WASHINGTON, Sept 17 (Reuters) - The best way to strengthen the farm safety net is to add a provision that protects farmer income, Agriculture Secretary Mike Johanns said on Monday, rejecting the idea of an ever-ready disaster relief program.
“The more you study it, the more sense it makes for farmers,” said Johanns, referring to so-called revenue-based counter-cyclical payments. They take yields and prices into account. Counter-cyclicals now are based on price alone.
Johanns lauded revenue-based counter-cyclical payments while meeting 250 members of the National Farmers Union, which wants the new farm subsidy law to authorize disaster relief to farmers and ranchers whenever severe losses occur.
An NFU member from Nebraska asked Johanns to support permanent authority for disaster aid. Johanns said revenue-based counter-cyclical payments, supplemented by crop insurance, were a better way to protect farmer income, and less costly under bookkeeping formulas used by Congress.
Disaster-relief authority is a priority for the NFU and its allies in Congress for inclusion in the farm law being written this year. Two senior members of the Senate Agriculture Committee, Democrats Max Baucus of Montana and Kent Conrad of North Dakota, support it. The committee chairman, Democrat Tom Harkin of Iowa, prefers revenue-based counter-cyclicals.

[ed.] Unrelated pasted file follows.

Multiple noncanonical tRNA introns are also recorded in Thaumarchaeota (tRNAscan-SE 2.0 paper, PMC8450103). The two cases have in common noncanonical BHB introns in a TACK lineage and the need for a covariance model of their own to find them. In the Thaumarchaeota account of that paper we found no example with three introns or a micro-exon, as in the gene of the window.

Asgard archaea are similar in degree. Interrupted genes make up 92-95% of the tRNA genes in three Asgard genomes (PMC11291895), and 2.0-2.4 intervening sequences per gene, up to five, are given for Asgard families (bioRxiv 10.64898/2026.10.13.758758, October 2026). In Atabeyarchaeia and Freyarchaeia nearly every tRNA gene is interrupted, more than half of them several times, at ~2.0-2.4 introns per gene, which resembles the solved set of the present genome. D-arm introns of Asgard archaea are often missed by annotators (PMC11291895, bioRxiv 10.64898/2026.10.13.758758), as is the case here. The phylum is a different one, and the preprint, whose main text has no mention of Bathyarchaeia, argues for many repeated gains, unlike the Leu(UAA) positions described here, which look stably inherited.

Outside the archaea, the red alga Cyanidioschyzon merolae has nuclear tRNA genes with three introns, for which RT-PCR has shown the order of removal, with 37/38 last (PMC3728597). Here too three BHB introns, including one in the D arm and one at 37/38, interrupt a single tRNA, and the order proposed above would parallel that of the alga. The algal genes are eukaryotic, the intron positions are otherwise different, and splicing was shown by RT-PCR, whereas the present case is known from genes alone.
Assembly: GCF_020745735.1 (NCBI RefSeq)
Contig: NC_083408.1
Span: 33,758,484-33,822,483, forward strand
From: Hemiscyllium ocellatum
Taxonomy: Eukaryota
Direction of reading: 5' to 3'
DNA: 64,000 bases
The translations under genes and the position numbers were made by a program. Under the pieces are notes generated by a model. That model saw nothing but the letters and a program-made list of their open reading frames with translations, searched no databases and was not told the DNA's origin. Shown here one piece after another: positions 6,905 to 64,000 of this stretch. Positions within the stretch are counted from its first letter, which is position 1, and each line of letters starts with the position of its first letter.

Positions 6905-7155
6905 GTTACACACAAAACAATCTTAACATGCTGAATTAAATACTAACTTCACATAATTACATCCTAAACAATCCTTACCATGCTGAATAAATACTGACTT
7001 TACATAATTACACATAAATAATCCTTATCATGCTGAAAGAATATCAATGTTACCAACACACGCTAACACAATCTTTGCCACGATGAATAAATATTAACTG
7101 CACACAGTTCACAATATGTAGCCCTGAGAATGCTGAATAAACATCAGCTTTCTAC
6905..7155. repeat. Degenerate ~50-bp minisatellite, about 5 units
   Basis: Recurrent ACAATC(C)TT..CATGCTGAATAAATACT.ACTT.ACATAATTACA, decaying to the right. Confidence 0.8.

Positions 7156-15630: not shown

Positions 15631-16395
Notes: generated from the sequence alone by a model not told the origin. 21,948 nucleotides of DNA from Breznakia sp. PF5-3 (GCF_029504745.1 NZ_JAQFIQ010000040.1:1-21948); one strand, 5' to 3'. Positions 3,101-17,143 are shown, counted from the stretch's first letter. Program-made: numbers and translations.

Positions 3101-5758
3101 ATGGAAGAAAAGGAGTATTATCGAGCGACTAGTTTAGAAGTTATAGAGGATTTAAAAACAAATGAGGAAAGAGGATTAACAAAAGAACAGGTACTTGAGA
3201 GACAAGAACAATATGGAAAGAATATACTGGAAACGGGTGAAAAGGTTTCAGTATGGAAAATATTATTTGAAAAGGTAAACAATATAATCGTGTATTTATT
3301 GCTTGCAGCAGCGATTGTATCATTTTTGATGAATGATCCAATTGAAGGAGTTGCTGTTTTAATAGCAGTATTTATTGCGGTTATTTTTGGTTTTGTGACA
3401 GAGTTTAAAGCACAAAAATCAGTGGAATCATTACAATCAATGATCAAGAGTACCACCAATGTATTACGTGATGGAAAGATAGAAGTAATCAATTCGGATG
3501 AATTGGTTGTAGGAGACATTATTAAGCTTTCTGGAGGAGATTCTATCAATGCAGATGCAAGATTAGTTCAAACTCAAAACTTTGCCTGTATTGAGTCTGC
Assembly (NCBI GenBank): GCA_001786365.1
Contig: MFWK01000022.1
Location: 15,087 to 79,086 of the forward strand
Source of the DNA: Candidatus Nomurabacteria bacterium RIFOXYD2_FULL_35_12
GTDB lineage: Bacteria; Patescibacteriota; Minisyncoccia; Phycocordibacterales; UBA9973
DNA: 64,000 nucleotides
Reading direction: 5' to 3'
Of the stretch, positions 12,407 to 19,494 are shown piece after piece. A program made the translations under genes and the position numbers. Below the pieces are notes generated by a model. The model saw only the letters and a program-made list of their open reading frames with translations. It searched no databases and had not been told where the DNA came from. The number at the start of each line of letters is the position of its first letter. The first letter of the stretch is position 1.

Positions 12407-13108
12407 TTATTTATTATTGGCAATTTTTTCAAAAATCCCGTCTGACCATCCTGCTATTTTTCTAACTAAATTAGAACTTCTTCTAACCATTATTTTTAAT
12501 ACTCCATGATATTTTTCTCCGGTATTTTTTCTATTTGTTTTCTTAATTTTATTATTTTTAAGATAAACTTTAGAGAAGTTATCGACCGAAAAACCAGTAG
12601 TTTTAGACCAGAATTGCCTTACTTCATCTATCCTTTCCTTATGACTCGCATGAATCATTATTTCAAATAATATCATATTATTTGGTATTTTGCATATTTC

NFU president Tom Buis told reporters that revenue-based payments are “too decoupled” — separated from a farm’s output — to be a reliable aid. Most proposals for revenue-based payments are triggered by national income from a crop or state-level income.
Buis said “the most significant safety net” element for growers are support prices, which effectively guarantee a minimum price. He said “direct payments,” based on past production of subsidized crops, ought to be reduced.
During remarks to NFU members, Johanns said a House-passed provision to deny crop and conservation payments to people with an adjusted gross income above $1 million “is not reform.” The administration has proposed a $200,000 income limit.
Keith Collins, the Agriculture Department chief economist, told the NFU he believes “we’re going to see more wheat (planted) this fall” in response to record-high prices. High prices also will encourage soybean plantings, he said.
Collins declined to estimate how much additional land would go to wheat. He said wheat crops in Argentina and Australia, which will be harvested this fall, “will be very important” in responding to shrinking world wheat supplies.